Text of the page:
The 28.5-pound cipher machine went to an internet buyer on Saturday, according to Heritage Auctions. It comes with operating instructions, a case with an engraved Third Reich emblem — and a rich lore including how British scientist Alan Turing helped crack the code.

One of the unit’s 26 light bulbs is broken, according to the description.

It’s not the first time a Nazi code creator has traded hands for such a sum. In May, an Irish private collector swiped up a different encryption machine, known as the “Hitler mill” because of its hand crank, for 98,000 euros ($109,000) from a Munich auctioneer, according to the Telegraph.[…]

Click here to continue reading the full article at Bloomberg.com.

Click here to view the auction page.

SWLing Post contributor and friend, Dan Robinson, and I once visited the National Cryptological Museum at Fort Meade and got to try our hand at using an Enigma machine. It’s an absolutely brilliant bit of mechanical engineering, of course. I highly recommend this museum to anyone interested in radio, computers or cryptography.

If you’d like to learn about another fascinating bit of over-the-air WWII technology–the SIGSALY network–I strongly encourage you to check out this post from our archives.

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Phil recommends The Radio Historian website

Many thanks to SWLing Post contributor, Phill (W9IXX), who writes:

Thought might be interested in this if you haven’t already mentioned this site:

http://www.theradiohistorian.org/pubs.html

Check out his calendars!

Thanks for the tip, Phil! I know we’ve linked to article on this site before, but thanks for mentioning it again. This is truly a treasure trove for those of us who love vintage radio.  I especially like the articles page which has a number of fascinating reports. Of course there are a load of photographs and recordings as well.

Click here to check out The Radio Historian website.

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Now Unblocked: Watching the new Radio Australia documentary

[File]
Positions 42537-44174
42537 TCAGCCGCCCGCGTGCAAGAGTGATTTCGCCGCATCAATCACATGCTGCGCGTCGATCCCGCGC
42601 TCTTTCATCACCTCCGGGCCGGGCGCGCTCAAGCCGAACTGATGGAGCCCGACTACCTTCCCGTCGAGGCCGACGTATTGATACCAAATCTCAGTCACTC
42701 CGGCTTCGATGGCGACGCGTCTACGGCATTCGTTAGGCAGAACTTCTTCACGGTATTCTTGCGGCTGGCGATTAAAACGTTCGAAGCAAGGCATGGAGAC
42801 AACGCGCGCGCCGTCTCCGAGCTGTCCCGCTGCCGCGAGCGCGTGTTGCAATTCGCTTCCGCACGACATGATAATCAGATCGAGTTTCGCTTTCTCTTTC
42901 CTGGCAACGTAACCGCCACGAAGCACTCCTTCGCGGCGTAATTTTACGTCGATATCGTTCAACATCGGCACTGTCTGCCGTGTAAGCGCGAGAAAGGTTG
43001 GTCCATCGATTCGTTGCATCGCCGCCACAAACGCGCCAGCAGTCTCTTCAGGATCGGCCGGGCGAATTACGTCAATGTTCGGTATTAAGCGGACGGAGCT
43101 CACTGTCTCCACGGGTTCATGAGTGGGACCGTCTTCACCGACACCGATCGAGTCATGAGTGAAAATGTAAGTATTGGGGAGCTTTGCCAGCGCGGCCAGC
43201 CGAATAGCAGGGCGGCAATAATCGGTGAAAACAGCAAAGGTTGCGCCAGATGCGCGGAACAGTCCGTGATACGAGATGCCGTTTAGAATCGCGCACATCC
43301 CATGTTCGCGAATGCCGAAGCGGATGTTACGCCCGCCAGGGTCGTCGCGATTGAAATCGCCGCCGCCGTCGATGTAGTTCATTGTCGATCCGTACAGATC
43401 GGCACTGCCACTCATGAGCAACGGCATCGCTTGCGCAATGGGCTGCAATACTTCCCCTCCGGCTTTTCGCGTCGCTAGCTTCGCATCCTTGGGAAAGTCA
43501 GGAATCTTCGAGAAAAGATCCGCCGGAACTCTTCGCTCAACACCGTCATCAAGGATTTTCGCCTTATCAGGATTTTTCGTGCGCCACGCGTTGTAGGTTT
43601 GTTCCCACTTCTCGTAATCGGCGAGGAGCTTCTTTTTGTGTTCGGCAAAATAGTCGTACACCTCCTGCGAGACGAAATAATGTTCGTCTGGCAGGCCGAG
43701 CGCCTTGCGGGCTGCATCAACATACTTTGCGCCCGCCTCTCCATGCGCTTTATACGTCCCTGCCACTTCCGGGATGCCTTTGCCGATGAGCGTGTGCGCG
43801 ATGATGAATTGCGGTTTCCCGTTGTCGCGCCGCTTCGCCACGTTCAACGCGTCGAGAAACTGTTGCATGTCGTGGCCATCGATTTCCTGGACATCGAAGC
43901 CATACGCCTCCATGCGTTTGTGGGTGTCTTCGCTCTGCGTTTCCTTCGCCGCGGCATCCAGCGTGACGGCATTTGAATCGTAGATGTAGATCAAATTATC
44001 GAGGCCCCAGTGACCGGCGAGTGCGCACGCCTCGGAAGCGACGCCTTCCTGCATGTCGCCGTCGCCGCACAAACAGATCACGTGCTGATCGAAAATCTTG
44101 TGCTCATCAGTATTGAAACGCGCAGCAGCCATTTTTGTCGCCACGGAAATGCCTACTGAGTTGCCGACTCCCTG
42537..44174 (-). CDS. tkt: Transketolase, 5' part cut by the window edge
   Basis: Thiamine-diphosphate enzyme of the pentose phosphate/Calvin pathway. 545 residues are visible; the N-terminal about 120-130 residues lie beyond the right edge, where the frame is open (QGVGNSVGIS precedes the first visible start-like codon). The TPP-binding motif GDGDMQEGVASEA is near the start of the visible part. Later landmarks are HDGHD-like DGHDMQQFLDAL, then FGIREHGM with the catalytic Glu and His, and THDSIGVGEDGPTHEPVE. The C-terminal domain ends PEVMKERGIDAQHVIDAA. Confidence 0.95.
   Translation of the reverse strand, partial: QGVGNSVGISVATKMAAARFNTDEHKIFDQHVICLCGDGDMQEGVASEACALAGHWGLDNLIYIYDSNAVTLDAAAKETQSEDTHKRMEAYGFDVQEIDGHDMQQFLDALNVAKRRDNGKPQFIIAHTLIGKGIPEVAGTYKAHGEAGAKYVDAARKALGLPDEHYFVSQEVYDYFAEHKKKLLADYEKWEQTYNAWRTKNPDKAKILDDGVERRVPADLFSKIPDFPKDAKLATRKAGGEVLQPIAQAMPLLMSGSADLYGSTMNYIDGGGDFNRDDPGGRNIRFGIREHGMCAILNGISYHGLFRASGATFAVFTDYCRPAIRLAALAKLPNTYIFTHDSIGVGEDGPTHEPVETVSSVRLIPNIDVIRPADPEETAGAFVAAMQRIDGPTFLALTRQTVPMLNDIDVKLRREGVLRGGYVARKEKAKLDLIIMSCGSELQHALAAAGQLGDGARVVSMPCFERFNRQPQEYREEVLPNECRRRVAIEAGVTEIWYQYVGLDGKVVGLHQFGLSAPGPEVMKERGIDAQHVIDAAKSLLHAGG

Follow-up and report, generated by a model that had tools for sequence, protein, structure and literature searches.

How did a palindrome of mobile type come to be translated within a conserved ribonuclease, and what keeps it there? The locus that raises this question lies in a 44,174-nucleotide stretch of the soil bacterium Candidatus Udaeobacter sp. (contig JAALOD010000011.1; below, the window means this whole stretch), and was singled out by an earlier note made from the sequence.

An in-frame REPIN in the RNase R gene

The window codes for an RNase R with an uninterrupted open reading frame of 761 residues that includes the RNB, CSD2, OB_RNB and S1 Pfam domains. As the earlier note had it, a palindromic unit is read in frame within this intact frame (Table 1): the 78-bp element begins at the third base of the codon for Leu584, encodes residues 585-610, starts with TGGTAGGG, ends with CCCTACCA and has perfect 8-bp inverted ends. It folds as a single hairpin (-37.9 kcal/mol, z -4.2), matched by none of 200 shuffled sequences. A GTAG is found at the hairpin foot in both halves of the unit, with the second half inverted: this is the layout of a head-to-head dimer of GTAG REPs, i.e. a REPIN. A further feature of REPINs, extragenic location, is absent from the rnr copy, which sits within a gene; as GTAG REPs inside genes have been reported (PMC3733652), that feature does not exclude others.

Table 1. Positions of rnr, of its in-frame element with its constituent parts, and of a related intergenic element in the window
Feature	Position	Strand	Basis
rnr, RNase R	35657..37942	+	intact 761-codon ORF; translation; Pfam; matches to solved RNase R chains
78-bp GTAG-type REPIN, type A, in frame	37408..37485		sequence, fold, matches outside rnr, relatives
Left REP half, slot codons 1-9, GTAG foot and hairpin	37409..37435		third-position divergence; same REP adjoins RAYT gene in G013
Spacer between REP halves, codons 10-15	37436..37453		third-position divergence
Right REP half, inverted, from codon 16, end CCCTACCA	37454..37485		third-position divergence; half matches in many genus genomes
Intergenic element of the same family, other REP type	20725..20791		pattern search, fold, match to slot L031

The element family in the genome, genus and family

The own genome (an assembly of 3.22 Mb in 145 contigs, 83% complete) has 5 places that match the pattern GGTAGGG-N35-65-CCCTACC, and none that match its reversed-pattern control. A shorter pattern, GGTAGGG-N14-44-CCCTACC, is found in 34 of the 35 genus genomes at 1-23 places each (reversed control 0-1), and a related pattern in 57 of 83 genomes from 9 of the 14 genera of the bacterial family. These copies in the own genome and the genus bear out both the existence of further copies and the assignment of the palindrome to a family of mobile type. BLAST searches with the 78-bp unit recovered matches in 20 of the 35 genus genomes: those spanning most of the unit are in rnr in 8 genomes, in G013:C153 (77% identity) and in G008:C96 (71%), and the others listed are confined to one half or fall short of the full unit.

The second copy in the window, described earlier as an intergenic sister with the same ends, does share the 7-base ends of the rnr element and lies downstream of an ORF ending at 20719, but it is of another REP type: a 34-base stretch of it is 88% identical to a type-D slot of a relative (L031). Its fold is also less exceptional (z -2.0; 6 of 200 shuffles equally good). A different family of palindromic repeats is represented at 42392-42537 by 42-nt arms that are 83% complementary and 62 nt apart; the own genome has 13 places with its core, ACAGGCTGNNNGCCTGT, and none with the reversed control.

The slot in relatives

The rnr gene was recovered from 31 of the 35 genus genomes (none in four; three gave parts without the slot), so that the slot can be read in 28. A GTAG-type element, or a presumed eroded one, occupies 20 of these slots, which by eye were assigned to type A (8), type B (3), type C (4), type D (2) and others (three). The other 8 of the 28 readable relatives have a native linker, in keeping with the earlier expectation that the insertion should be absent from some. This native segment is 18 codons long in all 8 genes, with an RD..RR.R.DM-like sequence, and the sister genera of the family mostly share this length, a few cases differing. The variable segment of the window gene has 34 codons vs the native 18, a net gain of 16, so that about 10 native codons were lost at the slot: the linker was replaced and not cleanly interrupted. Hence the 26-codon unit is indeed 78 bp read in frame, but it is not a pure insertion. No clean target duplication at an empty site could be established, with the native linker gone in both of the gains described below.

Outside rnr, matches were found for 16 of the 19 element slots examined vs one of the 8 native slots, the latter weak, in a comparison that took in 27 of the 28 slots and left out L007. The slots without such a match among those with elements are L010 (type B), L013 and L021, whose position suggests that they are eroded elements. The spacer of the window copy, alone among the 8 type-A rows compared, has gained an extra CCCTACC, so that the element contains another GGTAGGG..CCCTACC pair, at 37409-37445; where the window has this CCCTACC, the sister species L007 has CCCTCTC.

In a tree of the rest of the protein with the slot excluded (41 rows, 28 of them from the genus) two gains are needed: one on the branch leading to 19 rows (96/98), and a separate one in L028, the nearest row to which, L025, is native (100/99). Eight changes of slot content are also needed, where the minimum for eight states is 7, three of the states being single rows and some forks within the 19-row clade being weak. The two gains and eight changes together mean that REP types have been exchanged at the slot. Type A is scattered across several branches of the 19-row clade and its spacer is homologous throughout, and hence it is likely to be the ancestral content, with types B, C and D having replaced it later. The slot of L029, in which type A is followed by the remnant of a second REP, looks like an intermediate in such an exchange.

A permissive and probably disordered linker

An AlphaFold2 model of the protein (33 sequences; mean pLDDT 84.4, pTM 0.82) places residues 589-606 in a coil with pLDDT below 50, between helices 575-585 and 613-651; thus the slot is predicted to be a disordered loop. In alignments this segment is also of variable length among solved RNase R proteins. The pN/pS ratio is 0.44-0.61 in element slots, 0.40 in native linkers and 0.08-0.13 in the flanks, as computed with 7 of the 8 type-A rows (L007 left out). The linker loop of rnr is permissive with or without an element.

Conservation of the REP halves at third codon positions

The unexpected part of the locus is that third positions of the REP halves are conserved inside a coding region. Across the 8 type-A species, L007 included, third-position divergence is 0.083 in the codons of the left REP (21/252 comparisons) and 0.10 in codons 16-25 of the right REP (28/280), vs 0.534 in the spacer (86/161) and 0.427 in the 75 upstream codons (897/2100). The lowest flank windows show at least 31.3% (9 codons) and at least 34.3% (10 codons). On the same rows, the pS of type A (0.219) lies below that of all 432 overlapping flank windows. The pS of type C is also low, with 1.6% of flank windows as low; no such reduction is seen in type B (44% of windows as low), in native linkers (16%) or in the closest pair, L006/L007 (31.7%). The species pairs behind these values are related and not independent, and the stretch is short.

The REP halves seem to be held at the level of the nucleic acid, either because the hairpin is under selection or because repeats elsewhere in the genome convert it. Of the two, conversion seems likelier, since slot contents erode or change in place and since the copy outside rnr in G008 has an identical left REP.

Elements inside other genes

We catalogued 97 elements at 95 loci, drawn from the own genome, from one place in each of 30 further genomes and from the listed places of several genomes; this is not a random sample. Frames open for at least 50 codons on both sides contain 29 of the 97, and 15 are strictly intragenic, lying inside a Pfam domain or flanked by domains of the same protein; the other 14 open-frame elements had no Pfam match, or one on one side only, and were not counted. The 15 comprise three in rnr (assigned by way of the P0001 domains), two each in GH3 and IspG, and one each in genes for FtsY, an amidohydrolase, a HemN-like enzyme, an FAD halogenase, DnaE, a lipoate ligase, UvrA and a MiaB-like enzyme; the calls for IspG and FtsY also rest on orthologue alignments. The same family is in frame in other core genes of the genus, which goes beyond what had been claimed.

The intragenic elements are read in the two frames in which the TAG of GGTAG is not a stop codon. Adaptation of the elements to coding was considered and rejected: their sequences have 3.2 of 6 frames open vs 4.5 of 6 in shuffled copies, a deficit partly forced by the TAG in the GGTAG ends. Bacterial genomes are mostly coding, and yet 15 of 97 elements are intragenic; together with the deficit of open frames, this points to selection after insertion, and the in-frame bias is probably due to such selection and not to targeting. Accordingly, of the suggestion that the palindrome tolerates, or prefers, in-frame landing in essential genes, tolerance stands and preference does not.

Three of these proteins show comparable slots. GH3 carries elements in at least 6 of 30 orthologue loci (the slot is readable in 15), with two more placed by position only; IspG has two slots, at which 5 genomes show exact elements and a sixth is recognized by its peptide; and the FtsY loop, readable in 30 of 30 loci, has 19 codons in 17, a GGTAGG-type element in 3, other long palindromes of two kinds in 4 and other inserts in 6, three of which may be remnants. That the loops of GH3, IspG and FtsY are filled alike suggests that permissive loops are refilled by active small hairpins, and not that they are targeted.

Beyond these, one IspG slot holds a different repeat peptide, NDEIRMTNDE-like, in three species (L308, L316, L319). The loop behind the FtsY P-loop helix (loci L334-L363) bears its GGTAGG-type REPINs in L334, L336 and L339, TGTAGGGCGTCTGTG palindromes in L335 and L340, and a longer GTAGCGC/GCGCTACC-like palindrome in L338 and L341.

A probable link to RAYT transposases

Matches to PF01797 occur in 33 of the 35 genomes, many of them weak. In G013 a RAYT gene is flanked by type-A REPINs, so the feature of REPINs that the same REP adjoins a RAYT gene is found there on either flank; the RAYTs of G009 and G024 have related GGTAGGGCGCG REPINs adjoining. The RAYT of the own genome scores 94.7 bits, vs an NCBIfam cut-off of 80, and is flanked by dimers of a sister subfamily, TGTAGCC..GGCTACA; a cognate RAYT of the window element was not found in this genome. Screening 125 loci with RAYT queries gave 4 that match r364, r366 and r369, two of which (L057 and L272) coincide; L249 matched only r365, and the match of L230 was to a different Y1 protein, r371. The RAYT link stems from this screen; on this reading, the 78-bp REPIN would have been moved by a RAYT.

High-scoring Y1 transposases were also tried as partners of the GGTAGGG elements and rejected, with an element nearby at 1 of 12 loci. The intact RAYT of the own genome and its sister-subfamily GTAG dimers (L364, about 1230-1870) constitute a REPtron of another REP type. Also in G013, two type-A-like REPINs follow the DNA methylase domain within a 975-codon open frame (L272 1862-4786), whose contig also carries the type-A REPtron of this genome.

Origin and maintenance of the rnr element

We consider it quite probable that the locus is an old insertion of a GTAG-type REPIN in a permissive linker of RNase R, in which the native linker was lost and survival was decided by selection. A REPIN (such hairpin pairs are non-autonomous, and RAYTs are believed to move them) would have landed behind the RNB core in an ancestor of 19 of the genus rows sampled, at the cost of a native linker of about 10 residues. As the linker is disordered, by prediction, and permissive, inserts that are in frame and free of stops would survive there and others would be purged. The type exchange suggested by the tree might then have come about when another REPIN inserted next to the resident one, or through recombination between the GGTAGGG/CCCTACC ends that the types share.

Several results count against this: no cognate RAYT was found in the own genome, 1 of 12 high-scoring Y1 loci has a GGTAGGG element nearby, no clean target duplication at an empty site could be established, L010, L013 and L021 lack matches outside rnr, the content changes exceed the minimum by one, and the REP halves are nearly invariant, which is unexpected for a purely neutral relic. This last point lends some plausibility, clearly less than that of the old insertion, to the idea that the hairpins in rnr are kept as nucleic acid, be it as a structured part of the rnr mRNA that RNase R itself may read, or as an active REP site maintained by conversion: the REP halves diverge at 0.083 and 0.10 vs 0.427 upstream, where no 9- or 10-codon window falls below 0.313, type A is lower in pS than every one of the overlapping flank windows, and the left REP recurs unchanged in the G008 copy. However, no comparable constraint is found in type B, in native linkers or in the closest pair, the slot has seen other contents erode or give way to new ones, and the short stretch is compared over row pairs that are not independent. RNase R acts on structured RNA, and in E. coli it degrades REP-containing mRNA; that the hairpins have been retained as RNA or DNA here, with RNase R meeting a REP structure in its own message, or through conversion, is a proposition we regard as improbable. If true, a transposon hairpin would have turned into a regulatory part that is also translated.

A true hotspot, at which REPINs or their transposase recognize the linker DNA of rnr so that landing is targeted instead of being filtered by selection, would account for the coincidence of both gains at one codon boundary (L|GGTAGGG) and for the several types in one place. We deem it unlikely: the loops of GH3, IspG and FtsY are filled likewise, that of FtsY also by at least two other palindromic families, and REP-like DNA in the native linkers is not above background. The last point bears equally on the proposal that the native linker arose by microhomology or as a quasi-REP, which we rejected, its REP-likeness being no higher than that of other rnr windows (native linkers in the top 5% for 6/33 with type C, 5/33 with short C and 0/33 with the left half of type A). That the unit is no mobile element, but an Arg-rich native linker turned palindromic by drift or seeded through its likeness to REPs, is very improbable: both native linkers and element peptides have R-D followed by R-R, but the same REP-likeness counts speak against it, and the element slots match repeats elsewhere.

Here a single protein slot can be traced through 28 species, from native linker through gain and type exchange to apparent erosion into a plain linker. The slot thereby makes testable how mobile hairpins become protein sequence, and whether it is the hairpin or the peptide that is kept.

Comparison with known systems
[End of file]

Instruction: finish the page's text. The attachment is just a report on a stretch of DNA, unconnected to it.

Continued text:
Yesterday, we posted a note about the new documentary, “Australia Calling: 80 Years of International Broadcasting.” At the time, I mentioned that the video was geo-blocked–meaning, you could not watch the video outside Australia without using a VPN.

Many thanks to SWLing Post contributor, Peter Marks, who shares this great news:

I’ve corresponded with the iview team and they have un-geoblocked the video. It can be watched here:

https://iview.abc.net.au/show/australia-calling-80-years-of-international-broadcasting/video/NC1940H001S00

I tested it over a VPN to Singapore and it played for me.

Thanks so much, Peter! I’ve loaded the video with no problems here in North America.

Click here to watch “Australia Calling.”


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Australia Calling: ABC documentary looking at the impact of Radio Australia

Many thanks to a number of SWLing Post contributors who contacted me about a new documentary focused on the impact of Radio Australia. Peter Marks writes:

The celebration of 80 years of international broadcasting from Australia continues. The ABC has published “Australia Calling: A look at 80 years of Radio Australia and ABC international broadcasting” today:

https://www.abc.net.au/news/2019-12-16/abc-celebrating-80-years-of-international-broadcasting/11783252

And tonight there’s a documentary being shown on TV.

There’s even a story about the making of that documentary here:

https://www.abc.net.au/news/about/backstory/news-coverage/2019-12-16/making-australia-calling-documentary/11795134

Thank you, Peter! I just started watching the documentary via ABC’s iView. Note that the program is geo-blocked and not available outside of Australia (unless, like me, you have a good VPN). [No longer geo-blocked! See update.]

Here’s a link to the documentary on iView:

https://iview.abc.net.au/show/australia-calling-80-years-of-international-broadcasting

Peter also shared a number of related stories–some of which we’ve published in the past: